Tackling Big Data – Choosing the option that works for you
In the recent weeks I have been involved in a joint project with a company in the technology field that processes between 5 and 7 million events each day for their customers (most of these customers are retailers). Each of these events has between 40 – 50 attributes. Is this Big Data? By our accounts yes. This company has thus far only looked at accurately reflecting these events for their (rather classical) daily reports, but are now contemplating what kind of analytical approach they could take in order to learn more about their customers but also, equally important (if not more important), what can be extracted out of the data so that gives their customers unique insights, insights for which they would be willing to pay – thus generating an additional revenue stream for this company.
I guess this is a typical question for the modern company: How can I monetize my data. I embarked with them on this journey, in order to find the right solution for them.
As with any big data (or even with “regular size data”) projects, one can separate the stages into 3 areas
– ETL (extraction, normalization, adaptation, transformation etc)
– analytics (e.g. time series aggregation, filtering and, later on, predictions)
– visualization (displaying the aggregated data in a meaningful way)
When approaching this type of project (and not necessarily only in this area) companies are usually presented with two options: Black Box and Open Approach.
Black Box approach would mean in this context choosing a technology that has a very low barrier to entry (technology-wise). You just take your existing data and/or data-sources and you point them to this tool (or tools collection) and then spend most of your efforts into the analytics (to a lesser extent also into visualization domain)
The Open approach implies a inherently more complex setup. In here all the steps have to be automatized (for instance through scripting or otherwise) independently while making sure that they can talk with one another. This leads to a more difficult start (as measured from the start of the project until the first data is visualized), but is more flexible, has better performance and has a very good chance of being capable to be built entirely with open source components – thus leading to a lower software expenditure.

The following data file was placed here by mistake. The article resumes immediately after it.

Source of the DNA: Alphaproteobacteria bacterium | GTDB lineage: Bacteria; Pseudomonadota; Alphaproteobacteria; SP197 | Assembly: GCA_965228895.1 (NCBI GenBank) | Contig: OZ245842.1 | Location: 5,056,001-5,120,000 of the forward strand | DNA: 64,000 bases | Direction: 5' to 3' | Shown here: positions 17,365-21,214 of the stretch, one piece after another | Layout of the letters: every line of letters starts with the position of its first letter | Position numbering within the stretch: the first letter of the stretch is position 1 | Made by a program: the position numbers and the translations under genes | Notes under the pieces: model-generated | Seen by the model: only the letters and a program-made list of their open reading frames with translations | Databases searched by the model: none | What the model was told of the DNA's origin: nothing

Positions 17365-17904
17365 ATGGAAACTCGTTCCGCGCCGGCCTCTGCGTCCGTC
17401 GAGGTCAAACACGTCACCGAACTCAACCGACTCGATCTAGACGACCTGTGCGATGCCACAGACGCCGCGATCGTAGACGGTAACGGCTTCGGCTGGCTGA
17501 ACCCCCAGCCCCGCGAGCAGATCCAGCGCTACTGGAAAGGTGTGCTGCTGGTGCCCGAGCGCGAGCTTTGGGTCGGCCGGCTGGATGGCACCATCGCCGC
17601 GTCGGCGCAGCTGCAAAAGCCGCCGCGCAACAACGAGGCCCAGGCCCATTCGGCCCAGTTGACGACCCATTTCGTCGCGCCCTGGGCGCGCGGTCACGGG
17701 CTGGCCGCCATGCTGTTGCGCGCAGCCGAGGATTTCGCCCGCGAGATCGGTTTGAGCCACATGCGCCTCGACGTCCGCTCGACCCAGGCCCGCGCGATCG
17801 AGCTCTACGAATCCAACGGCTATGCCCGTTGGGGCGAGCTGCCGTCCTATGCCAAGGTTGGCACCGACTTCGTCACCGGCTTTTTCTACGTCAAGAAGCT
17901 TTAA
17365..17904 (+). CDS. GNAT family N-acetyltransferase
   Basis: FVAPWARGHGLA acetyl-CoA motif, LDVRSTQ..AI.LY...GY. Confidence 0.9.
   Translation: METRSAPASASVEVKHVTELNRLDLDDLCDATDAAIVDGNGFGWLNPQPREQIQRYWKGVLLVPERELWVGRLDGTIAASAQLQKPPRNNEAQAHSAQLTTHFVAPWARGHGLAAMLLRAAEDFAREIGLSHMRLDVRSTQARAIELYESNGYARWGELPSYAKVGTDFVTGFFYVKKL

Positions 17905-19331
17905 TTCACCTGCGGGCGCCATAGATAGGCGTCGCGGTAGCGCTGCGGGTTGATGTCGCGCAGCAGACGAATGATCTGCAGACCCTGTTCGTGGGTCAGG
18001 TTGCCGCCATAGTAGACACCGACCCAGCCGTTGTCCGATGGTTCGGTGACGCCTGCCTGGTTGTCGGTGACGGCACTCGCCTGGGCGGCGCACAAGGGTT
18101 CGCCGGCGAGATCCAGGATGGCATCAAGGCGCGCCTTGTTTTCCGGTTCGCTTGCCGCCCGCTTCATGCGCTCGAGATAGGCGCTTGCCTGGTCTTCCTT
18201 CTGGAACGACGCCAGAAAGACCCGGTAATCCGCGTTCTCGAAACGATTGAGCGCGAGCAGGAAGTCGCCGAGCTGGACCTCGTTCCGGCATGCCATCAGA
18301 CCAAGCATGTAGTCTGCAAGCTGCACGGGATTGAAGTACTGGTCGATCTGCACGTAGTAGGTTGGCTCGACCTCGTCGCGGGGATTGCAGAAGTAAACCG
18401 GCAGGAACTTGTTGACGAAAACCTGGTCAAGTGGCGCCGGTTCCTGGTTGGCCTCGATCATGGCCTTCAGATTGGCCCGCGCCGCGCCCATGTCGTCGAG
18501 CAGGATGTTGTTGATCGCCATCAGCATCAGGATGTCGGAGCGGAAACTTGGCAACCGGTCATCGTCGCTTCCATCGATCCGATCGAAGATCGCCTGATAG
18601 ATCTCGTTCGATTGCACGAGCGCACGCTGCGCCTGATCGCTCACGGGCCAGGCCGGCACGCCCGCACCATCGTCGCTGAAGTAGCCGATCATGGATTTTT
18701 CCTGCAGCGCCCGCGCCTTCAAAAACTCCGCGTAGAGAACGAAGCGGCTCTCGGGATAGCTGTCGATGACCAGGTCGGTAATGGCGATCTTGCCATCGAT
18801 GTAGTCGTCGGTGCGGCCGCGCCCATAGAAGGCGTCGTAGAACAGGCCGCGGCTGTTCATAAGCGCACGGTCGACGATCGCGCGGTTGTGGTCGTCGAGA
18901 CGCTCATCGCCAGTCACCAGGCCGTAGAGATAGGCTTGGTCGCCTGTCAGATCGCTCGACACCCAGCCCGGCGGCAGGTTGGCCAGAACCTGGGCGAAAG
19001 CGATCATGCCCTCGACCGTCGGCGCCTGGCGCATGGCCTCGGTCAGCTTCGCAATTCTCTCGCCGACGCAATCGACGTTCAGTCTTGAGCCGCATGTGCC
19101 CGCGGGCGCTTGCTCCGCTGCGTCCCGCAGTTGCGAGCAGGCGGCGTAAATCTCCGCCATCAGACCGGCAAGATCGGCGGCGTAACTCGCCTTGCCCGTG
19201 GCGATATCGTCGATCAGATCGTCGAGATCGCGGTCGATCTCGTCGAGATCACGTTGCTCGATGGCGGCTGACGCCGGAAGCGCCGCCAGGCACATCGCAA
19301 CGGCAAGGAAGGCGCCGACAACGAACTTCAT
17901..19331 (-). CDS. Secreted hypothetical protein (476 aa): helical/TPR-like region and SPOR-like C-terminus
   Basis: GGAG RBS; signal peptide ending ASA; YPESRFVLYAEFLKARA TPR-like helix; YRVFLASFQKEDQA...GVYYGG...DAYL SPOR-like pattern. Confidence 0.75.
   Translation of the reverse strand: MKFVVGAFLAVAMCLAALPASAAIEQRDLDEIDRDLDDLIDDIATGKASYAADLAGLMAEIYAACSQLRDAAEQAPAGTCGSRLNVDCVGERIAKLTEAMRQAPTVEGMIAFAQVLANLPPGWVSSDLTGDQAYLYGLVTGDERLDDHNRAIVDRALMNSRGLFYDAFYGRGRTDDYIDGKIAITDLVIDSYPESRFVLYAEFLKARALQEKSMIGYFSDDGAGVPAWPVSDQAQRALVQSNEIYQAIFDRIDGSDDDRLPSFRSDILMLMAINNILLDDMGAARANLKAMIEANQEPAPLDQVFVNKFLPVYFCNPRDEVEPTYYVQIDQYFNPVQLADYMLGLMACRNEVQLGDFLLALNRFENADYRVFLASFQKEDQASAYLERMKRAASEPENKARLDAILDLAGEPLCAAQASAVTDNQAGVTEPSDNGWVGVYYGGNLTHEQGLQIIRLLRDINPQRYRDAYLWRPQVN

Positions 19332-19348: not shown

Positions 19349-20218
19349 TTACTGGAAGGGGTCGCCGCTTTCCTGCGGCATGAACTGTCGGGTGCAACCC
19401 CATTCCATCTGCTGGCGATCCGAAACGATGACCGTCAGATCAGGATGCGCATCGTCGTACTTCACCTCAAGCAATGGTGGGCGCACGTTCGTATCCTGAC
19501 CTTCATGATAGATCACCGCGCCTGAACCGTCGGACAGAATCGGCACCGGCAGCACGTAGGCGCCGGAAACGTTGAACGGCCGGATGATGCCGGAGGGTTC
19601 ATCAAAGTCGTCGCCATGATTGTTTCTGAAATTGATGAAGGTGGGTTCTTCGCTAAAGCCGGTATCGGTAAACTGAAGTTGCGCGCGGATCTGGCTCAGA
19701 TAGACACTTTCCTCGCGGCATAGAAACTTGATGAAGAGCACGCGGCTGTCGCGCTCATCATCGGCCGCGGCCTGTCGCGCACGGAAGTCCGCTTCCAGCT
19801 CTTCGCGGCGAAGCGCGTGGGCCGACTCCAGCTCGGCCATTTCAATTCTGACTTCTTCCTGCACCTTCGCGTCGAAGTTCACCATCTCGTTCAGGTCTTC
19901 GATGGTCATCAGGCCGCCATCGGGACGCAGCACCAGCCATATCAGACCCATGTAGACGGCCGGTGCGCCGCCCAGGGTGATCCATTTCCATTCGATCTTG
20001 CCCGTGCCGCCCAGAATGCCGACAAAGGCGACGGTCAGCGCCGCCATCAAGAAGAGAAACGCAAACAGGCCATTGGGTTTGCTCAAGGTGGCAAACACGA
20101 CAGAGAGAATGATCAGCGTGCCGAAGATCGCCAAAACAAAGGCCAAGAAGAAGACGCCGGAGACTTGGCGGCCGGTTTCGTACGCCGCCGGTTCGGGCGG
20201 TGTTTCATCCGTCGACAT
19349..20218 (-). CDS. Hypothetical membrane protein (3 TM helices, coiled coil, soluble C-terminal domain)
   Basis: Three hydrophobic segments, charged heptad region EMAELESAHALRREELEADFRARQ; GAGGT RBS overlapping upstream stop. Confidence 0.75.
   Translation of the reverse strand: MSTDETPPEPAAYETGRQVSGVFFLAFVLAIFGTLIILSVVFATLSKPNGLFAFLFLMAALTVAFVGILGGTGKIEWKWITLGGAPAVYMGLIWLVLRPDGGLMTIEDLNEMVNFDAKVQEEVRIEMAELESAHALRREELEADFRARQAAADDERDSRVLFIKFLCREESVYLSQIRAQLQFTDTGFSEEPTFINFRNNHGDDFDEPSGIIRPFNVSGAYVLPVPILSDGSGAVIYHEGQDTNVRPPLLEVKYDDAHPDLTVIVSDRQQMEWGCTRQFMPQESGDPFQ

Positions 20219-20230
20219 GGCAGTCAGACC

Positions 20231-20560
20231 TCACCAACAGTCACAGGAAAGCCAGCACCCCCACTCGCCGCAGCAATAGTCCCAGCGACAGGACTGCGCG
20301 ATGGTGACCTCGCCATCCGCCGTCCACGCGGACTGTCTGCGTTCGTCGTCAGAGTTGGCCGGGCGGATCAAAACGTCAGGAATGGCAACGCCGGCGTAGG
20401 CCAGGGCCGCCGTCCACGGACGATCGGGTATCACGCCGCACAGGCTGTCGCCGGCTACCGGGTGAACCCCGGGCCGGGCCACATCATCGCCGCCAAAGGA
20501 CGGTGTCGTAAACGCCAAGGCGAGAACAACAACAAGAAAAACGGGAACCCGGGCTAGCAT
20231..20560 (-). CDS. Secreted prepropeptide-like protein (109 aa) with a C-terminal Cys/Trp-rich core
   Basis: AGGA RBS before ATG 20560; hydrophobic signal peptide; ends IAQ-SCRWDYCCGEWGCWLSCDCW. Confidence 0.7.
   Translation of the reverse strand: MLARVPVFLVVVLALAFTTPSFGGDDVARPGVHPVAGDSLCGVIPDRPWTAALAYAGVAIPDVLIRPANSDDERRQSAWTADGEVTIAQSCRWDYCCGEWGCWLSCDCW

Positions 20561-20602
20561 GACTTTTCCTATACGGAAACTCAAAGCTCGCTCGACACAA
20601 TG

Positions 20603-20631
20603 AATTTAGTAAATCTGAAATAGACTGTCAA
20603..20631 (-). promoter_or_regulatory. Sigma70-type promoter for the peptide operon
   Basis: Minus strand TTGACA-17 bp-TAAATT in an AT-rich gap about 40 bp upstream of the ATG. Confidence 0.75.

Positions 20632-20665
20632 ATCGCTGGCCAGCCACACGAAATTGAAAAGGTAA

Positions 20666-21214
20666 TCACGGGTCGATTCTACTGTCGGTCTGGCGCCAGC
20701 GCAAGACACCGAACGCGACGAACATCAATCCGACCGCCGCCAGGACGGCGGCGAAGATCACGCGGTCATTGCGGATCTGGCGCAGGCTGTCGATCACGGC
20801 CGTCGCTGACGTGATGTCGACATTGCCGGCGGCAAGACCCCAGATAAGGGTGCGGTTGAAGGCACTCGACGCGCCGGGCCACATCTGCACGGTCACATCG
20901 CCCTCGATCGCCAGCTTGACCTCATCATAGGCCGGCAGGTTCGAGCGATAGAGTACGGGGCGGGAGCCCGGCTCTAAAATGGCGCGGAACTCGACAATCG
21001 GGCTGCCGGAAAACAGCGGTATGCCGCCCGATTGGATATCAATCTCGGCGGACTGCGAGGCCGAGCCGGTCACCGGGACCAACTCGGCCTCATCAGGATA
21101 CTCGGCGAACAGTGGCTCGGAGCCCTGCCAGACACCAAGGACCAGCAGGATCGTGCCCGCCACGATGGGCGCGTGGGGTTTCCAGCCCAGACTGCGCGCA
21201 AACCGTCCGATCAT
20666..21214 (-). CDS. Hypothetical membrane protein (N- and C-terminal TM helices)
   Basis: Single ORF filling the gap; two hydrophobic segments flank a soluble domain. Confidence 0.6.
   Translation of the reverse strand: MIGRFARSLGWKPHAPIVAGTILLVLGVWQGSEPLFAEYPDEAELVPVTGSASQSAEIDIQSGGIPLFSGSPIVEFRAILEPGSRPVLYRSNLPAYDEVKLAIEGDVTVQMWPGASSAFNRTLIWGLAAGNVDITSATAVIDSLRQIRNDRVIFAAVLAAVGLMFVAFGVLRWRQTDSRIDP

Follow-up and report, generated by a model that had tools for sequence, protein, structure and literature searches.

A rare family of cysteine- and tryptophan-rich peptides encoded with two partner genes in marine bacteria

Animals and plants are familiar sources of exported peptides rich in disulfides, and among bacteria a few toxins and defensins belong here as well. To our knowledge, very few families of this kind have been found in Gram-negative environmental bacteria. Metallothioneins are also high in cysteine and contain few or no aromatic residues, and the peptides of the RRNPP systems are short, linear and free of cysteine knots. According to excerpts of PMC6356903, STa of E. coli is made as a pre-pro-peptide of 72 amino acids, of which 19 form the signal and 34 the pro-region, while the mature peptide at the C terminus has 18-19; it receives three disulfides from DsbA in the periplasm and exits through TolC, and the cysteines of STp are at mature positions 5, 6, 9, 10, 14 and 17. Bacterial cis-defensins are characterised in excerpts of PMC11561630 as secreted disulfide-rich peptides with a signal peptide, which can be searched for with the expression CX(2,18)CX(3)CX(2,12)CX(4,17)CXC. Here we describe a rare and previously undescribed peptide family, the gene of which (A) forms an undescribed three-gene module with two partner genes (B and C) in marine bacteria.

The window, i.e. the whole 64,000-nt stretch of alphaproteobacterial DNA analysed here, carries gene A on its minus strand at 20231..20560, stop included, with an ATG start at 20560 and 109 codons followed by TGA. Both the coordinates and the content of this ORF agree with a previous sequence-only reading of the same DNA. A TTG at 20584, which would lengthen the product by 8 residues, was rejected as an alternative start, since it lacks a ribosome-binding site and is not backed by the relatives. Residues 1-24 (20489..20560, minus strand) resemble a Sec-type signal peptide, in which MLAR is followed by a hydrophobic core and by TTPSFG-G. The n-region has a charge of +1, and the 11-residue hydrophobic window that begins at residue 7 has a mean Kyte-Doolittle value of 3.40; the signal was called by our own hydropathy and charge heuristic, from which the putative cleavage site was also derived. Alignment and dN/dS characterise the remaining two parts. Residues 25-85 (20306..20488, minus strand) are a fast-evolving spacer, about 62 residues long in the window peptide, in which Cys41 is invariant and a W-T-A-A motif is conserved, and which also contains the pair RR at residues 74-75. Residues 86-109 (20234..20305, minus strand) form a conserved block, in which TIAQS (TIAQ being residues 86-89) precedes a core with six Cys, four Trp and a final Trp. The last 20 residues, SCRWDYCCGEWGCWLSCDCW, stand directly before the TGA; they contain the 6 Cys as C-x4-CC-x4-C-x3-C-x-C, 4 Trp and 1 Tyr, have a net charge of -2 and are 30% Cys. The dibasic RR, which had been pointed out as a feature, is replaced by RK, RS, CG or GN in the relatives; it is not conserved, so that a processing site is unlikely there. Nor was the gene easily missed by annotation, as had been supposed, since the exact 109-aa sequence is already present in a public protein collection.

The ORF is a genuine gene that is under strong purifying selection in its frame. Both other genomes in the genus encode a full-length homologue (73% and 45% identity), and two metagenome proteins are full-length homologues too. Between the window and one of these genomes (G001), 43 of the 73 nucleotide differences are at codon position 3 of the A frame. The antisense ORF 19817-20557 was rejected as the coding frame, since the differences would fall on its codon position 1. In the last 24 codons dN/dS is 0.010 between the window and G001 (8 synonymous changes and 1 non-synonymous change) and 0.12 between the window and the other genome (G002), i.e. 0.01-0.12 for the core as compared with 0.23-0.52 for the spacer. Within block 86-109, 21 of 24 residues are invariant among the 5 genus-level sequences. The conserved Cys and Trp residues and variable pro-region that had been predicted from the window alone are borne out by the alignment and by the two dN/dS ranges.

The usual suspects in a Black Box approach are the likes of Microsoft’s Power BI or Tibco’s Jaspersoft maybe with some enhancements from tools like Tableau (which can be used as a visual enhancer and as an ad-hoc-visual explorer on both scenarios).
More interesting, especially if you enjoy more freedom and are not afraid of taking seemingly separated components and craft a custom solution, is the Open approach where you have to fill in multiple boxes, but you have plenty of choices for each of them. I guess choosing between Black Blox and Open Approach it’s a combination of factors like: knowledge, time, available funds and how comfortable you are with open source solutions.
This is my take on this, by all means no-one should be offended of my subjective view.
Step 1: ETL step
If you’re lucky enough and the application(s) generating these events are recent enough (say, at most 5 years old) and you can somehow can get hold of the said events in real time (or near real time) then the preferred choice would be to throw them in a queue (Apache Kafka makes a great candidate and plays well with the tool one might use for aggregation – Apache Spark, but case-by-case analysis might lead to solutions like RabbitMQ or 0mq), eventually using a lightweight (for instance NodeJS) application that receives these events via a standard HTTP interface and puts them in a specially opened Kafka topic.